Thursday, November 22, 2012
Makeup to Breakup - My Life In and Out of Kiss by Peter Criss
I picked up Peter Criss's book, Makeup to Breakup, after my closest friend told me he was reading Ace Frehley's book (look for a guest review on that one soon). He went into Ace's book already knowing much of the story, being perhaps a more avid fan, and from the notes we've compared it may be safe to say Criss's book delves a bit deeper into the "KISStory."
The story opens with a jolt more intimidating than any full makeup live show, where Peter briefly contemplates suicide after riding out a rough California earthquake. While an unwavering faith in God and devotion to family ultimately pull him back, this event seems to symbolize the shaky ground on which Criss has walked through much of his life, from early beginnings running with gangs to false starts with fledgling bands until his first meeting with Gene Simmons and Paul Stanley.
Criss and co-author Larry Sloman paint a rather vivid picture of the drummer's youth and pre-KISS days. As with other musician memoirs I've read in recent years (Sammy Hagar's for one), the requisite juvenile delinquency sets the stage for an interesting life. George Peter Criscuola stood out in school and in the neighborhood, and not necessarily in a good way. A stint in a gang helped toughen him for life on the road as a drummer, yet he left his tenure with KISS a victim in many ways.
Criss notes here that Simmons has painted him as the complainer in the group, and if Criss's word is to be accepted over the other band members he has good reason. Criss's desire to play in a band apparently conflicted with Simmons's desire to play up a brand - profits from the KISS-logo condoms, coffins, underwear, etc. aren't likely to hit Criss's bank account, and the resentment is strongly felt in this book. It's interesting to note, too, that Frehley had designed the iconic logo that the band markets with fervor.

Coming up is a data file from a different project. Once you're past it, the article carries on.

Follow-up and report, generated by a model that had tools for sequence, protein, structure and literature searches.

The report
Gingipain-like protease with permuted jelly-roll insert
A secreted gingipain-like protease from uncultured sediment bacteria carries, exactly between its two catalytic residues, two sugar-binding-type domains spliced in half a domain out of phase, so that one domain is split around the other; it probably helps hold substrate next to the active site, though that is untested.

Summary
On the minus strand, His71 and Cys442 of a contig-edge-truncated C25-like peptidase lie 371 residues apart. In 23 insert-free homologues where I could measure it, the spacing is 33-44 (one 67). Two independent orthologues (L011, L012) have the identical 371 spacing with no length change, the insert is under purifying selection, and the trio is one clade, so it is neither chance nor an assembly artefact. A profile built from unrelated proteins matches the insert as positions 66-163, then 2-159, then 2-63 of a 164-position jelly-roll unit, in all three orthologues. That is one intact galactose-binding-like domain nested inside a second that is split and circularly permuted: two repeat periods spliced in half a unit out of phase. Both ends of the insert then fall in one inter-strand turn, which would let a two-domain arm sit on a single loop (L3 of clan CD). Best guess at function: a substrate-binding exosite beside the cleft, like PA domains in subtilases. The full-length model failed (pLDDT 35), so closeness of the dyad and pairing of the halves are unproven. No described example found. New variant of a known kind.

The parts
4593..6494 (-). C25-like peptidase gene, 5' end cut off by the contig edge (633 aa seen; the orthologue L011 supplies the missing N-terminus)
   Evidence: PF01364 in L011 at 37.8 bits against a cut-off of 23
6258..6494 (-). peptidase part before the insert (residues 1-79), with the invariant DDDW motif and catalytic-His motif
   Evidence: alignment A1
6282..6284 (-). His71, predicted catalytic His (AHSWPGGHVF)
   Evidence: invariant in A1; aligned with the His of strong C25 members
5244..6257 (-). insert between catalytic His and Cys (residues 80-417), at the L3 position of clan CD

But this is a review of Makeup to Breakup, not a critique of the band's marketing strategy. I find that as I read books like Criss's I become torn emotionally. The guy had millions at one point, and one might find it challenging to feel for him when he hits a low point personally and professionally, especially when you read of all the coke snorted, the women banged and tossed away, etc. In some chapters Criss appears unapologetic for certain actions, and when you come to the point where you want to close the book and leave him to reap what he sowed, you read about how the KISS machine drew him back in so they could make more money off the Catman, and you feel insulted right along with him.
What may win you to Criss's corner, KISS fan or not, is his unwavering appreciation for his fans. Criss may never see a dime from sales of lunchboxes and t-shirts, but at the end of the day he knows the KISS Army formed for a love of the music, and his contributions are no less important than the other members'.
I imagine hardcore KISS fans will debate over whether Criss is entitled to his financial share of the legacy or if Simmons and Stanley acted with benevolence in giving Criss a "second chance" after years of drug abuse on the job. Either way, fans now have a third point of view of the KISStory to consider, and it's worth reading.
Kathryn Lively is a mystery author and book blogger.